Yesterday’s Republican run-off in Georgia’s gubernatorial contest is as good an example as there is as to why parties hate run-offs. They are risky propositions that can produce results that change the trajectory of a general election. Secretary of State Brian Kemp’s nomination has made the general election much more difficult for Republicans and moves the race to the Lean Republican column.

Kemp easily won the GOP run-off, defeating Lt. Gov. Casey Cagle, 69 percent to 31 percent. Cagle finished first in the May 22 primary with 39 percent, followed by Kemp with 26; three other candidates split the remaining 35 percent. Cagle started the nine-week run-off as a slight favorite. He had more resources and the support of much of the state’s GOP establishment. Even so, he was going to have to fight his way to 50 percent.

Kemp’s strengths in the run-off were that he is a down the line conservative. His ads featured guns (including a shotgun pointed at his daughter’s boyfriend), promises to blow up government (complete with an explosion), and a big truck that he promised to use to round up criminal illegals. At the end of one spot, Kemp referred to himself as a politically incorrect conservative. In ads attacking Cagle, Kemp accused him of failing to support President Trump, of incompetence in office and only pretending to be a conservative. It didn’t help that taped conversations came to light in which Cagle was heard saying that race had come down to, “who had the biggest gun, who had the biggest truck, and who could be the craziest.” He was right, but it didn’t endear him to run-off voters. The final and perhaps most effective arrow that Kemp had in his quiver was an endorsement from President Trump.

Former state House Minority Leader Stacey Abrams easily won the Democratic nomination in the May 22 primary with 76 percent of the vote. She is as progressive as Kemp is conservative. The result is going to be the most polarized gubernatorial contest in the country. The day of the run-off provided a good preview of what’s to come. The Republican Governors Association launched a television spot that portrays Abrams as an unapologetic progressive who is in lock step with Hillary Clinton and House Minority Leader Nancy Pelosi. The ad features footage of Clinton praising Abrams’ nomination. Once the run-off was decided, Democrats started to pile on Kemp as an extremist who will harm the state’s business climate. They further argued that his anti-choice views will set women’s rights back decades and that his position on immigration is to the right of the President’s.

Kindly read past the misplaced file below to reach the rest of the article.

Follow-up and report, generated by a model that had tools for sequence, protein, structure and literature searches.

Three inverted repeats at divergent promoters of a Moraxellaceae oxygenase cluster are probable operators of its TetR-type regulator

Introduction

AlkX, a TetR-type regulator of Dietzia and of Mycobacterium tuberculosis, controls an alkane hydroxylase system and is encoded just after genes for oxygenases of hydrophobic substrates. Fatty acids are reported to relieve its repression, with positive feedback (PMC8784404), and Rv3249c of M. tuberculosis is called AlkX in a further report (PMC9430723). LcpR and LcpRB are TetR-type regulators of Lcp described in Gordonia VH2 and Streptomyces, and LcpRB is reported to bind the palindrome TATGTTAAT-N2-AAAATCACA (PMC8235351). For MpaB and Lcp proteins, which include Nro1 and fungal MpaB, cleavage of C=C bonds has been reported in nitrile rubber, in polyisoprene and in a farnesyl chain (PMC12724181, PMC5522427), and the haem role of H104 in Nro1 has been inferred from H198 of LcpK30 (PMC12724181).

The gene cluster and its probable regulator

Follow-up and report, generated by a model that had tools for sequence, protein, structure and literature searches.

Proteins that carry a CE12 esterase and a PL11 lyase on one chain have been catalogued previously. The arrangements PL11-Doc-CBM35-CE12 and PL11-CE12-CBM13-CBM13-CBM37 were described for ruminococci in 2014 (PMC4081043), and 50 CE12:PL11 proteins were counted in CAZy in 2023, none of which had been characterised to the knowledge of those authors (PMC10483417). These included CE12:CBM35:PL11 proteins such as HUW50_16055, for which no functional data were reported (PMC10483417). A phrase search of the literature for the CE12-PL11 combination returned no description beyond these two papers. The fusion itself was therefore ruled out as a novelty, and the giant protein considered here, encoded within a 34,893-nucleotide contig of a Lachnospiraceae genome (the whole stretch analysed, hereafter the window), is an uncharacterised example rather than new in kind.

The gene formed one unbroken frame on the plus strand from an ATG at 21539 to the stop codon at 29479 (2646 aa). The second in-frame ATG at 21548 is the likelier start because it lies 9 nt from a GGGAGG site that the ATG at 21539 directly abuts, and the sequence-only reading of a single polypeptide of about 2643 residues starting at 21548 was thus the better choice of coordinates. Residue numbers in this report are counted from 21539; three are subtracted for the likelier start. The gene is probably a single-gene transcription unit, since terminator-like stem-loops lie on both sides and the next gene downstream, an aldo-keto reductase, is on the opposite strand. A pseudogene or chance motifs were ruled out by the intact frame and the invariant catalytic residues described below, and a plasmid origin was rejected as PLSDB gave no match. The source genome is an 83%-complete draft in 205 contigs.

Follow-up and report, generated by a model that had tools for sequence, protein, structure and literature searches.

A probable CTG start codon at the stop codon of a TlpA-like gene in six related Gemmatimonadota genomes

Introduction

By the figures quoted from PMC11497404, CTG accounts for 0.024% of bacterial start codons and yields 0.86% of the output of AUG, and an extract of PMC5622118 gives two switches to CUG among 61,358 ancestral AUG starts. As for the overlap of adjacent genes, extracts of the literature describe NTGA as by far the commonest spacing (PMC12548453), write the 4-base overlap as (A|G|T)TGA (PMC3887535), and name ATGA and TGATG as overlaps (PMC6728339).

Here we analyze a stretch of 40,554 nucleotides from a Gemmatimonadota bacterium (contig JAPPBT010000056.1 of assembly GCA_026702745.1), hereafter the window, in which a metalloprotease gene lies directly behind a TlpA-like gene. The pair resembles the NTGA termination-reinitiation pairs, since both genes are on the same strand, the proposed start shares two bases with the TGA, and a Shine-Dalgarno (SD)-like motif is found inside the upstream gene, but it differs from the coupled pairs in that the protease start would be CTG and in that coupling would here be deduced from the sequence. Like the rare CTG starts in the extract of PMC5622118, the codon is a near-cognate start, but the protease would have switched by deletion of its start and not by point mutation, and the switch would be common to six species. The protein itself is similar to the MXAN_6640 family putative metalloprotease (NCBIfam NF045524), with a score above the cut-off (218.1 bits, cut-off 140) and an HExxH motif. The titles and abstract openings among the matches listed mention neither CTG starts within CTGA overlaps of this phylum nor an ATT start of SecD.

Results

Democrats contend that Georgia is a winnable state for them, pointing out that Trump took just 51 percent to 46 percent for Clinton. They believe that Abrams will perform better in a year that favors Democrats. Unlike past races, Democrats seem more interested in maximizing their base than they are trying to appeal to the middle. Republicans believe that the strategy is flawed, pointing out that more Republicans turned out in both the primary and the run-off than Democrats turned out in the primary. Both campaigns will ultimately have all the financial resources they need between their own fundraising, dedicated super PACs, and help from the RGA and the Democratic Governors Association. But, Abrams starts the general election in better shape financially. As of June 30, she had raised $6 million for the cycle and had $1.5 million in the bank. By contrast, Kemp has raised $5.1 million for the cycle and had a cash-on-hand total of $442,000 as of July 18.

Democrats are often very enthusiastic about opportunities in Georgia, only to be disappointed, but Abrams might put them closer than ever to kicking the proverbial football. Still, Republicans start the race with a bit of an advantage and thus is in the Lean Republican column. That said, there is great potential for the contest to land in Toss Up.

Image: Brian Kemp | Credit: AP Photo/John Amis

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